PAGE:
`I suspect Chris was expecting us to flinch'

3rd July 2015 at 01:00
New Labour adviser Sir Michael Barber remembers the challenges - and pleasures - of working with the late Sir Chris Woodhead

I was saddened to hear of the death of Chris Woodhead after his long struggle with motor neurone disease and, later, cancer. For a man who once exercised such influence over education and excelled as a rock climber, recent years must have been a terrible struggle. The last time he and I exchanged notes he said how hard it was to see the North Wales mountains around him and know he would never again walk their summits.

I had the pleasure - and challenge - of working very closely with Chris through much of the 1990s. We had built a rapport in the early part of the decade during his time as chief executive of the National Curriculum Council (NCC) quango, where I represented the NUT teaching union as head of education.

My favourite "Deep Throat" moment was when Chris arranged for a copy of a suppressed NCC report on national curriculum English to be passed to me in an underground car park.

In 1994, Chris was appointed head of England's schools inspectorate Ofsted and soon caused outrage with his attacks on incompetent teachers and failing institutions. It is often said that Chris could have been more emollient but it is hard to see how this would have worked. It was his willingness to spell out what he thought in plain, uncompromising language that changed the nature of the debate. This was his historic role. Meanwhile, the defensive reaction of many teacher leaders simply played into his hands. There were, in any case, many headteachers who silently applauded all that he did.

When Tony Blair became prime minister in 1997, I joined David Blunkett, the incoming education secretary, to work on ensuring the implementation of the school standards agenda. The minister also gave me responsibility for managing relations with Chris and Ofsted, which we knew would be difficult. There is always an institutional tension between the Department for Education and the regulator - indeed, there should be.

At that time, Chris's reputation and personality added extra spice. There had never been any doubt that Mr Blair wanted to keep Chris in post, simply because New Labour agreed with the basic case he made.

I talked with Chris regularly in my new role, often over dinner in Covent Garden at places such as Joe Allen's - he never swayed in his trenchant advocacy of his beliefs.

Sometimes our debates were in more exalted locations. We were once guests at Chequers, where Mr Blunkett asked me to make sure I involved myself in conversations between Chris and the PM. Chris and I tried (but failed) to persuade Mr Blair that the literal implementation of his pledge to cut class sizes would be a mistake. Another time, we were both guests of Prince Charles - a fervent admirer of Chris's - at Highgrove, along with Mr Blunkett and others.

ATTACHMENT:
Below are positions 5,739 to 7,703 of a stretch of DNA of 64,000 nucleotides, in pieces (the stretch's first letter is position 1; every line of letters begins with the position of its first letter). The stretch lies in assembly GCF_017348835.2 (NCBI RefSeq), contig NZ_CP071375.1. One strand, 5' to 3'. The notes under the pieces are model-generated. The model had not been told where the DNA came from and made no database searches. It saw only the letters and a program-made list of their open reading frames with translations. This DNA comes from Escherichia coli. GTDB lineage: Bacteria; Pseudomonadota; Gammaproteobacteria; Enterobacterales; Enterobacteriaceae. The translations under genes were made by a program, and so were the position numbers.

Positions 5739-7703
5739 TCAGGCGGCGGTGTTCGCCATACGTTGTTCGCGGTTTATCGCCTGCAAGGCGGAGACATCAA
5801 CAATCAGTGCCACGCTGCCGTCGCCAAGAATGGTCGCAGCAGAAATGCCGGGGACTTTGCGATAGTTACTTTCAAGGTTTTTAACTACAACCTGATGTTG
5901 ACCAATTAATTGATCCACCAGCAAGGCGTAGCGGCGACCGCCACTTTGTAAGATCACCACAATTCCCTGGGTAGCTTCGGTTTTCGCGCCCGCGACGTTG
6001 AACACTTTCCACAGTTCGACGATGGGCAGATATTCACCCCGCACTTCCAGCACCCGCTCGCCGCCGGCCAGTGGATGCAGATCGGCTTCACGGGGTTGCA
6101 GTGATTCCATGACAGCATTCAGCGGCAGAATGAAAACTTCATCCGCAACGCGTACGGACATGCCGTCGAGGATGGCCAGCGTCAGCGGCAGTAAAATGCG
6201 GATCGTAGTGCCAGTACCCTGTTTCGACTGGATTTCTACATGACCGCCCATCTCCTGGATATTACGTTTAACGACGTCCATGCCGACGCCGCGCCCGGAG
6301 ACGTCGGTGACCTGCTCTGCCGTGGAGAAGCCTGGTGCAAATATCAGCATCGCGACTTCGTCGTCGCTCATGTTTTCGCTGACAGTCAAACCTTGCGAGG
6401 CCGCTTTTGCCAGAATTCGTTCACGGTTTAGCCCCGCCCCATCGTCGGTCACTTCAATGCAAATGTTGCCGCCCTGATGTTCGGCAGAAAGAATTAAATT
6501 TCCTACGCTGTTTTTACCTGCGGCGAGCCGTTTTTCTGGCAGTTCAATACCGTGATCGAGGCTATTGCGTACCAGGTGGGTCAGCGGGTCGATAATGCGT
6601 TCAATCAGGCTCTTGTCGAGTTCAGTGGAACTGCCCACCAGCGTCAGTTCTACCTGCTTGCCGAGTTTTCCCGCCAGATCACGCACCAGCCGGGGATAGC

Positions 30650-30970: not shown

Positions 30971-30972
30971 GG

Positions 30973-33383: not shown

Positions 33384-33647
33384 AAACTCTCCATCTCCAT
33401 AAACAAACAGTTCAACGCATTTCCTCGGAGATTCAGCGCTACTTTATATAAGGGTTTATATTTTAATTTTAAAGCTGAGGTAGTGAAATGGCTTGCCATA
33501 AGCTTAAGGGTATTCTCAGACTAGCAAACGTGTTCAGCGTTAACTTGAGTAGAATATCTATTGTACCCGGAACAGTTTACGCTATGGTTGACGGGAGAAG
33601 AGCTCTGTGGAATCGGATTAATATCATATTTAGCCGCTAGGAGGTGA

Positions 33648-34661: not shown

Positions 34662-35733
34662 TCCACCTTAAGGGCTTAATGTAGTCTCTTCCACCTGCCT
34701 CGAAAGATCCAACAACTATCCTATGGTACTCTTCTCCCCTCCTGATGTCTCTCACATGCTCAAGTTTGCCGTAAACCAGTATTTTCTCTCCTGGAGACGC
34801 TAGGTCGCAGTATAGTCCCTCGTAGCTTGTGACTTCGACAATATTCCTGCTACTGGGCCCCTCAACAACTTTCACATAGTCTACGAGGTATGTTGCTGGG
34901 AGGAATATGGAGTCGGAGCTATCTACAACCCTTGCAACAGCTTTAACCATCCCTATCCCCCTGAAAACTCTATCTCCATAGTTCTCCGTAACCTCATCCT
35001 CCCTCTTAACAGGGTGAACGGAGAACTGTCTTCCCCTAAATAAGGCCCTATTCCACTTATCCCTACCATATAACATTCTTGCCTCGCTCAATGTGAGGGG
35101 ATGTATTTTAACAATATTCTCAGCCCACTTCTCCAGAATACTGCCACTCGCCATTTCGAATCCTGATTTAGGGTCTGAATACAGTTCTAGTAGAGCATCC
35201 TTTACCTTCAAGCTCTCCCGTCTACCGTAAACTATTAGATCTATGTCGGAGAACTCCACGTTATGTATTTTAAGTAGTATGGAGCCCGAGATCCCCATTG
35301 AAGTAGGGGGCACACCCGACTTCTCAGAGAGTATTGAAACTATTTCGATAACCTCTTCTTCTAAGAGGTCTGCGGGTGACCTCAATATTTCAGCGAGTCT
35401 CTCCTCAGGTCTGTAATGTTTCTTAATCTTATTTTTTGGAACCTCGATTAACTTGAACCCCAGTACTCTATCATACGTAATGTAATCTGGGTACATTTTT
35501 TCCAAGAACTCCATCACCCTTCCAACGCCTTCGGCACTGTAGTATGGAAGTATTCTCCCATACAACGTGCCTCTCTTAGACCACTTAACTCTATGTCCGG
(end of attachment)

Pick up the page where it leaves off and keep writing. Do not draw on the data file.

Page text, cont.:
Holding councils to account

Chris and I both thought phonics should be central to the teaching of reading. We also agreed that local authorities should be held to account for turning around failing schools and, in 1998, legislation was passed that allowed central government to intervene. Chris challenged us to act and I suspect he was expecting us to flinch. But we had always intended to act.

To allow us to do so, however, we needed incontrovertible evidence - and this was where inspectors were key. Our challenge to Chris, which he accepted, was that too often Ofsted's reports took refuge in waffle.

Interventions in places such as Islington, Liverpool and Leeds were controversial, but later evidence suggests they made a real difference. Chris believed the success was Ofsted's responsibility. The truth was that it also required Mr Blunkett's fierce political will and effective implementation.

Around this time, we had regular stock-take meetings in No 10 with the DfE ministerial team, Chris and the prime minister. For these meetings, Chris and I would produce a joint paper, with the text often a matter of vigorous negotiation.

Once at the end of a challenging call with Chris, I swore - my staff wished I had put the phone down before doing so!

However, at times of tension such as these, we could always fall back on our shared love, which transcended everything, of the mountains of the Lake District and North Wales.

And now our debates can be judged historically. He thought we had too many initiatives and that Education Action Zones were a mistake; he was right. He was no fan of the Excellence in Cities programme, which led to the London Challenge, but these worked. Ultimately, Chris was suspicious of government whereas I thought it had a role - as indeed his own work proved.

I welcomed his independent and critical reports on government programmes, which meant that I shared with headteachers the risk of being bashed by Ofsted. My regret was that the reports were often out of date by the time they emerged.

The schools system improved significantly during those years and the need to challenge poor performance is now accepted. Millions of children and young people have benefited.

Chris relished controversy and was not always easy to work with, but he was a huge figure in English educational history, the biggest single influence on improving education in England in the 1990s. By making standards central, he set the agenda for two decades.

Sir Michael Barber (inset, left) was chief adviser on school standards to the Labour government from 1997-2001 and is author of How to Run a Government

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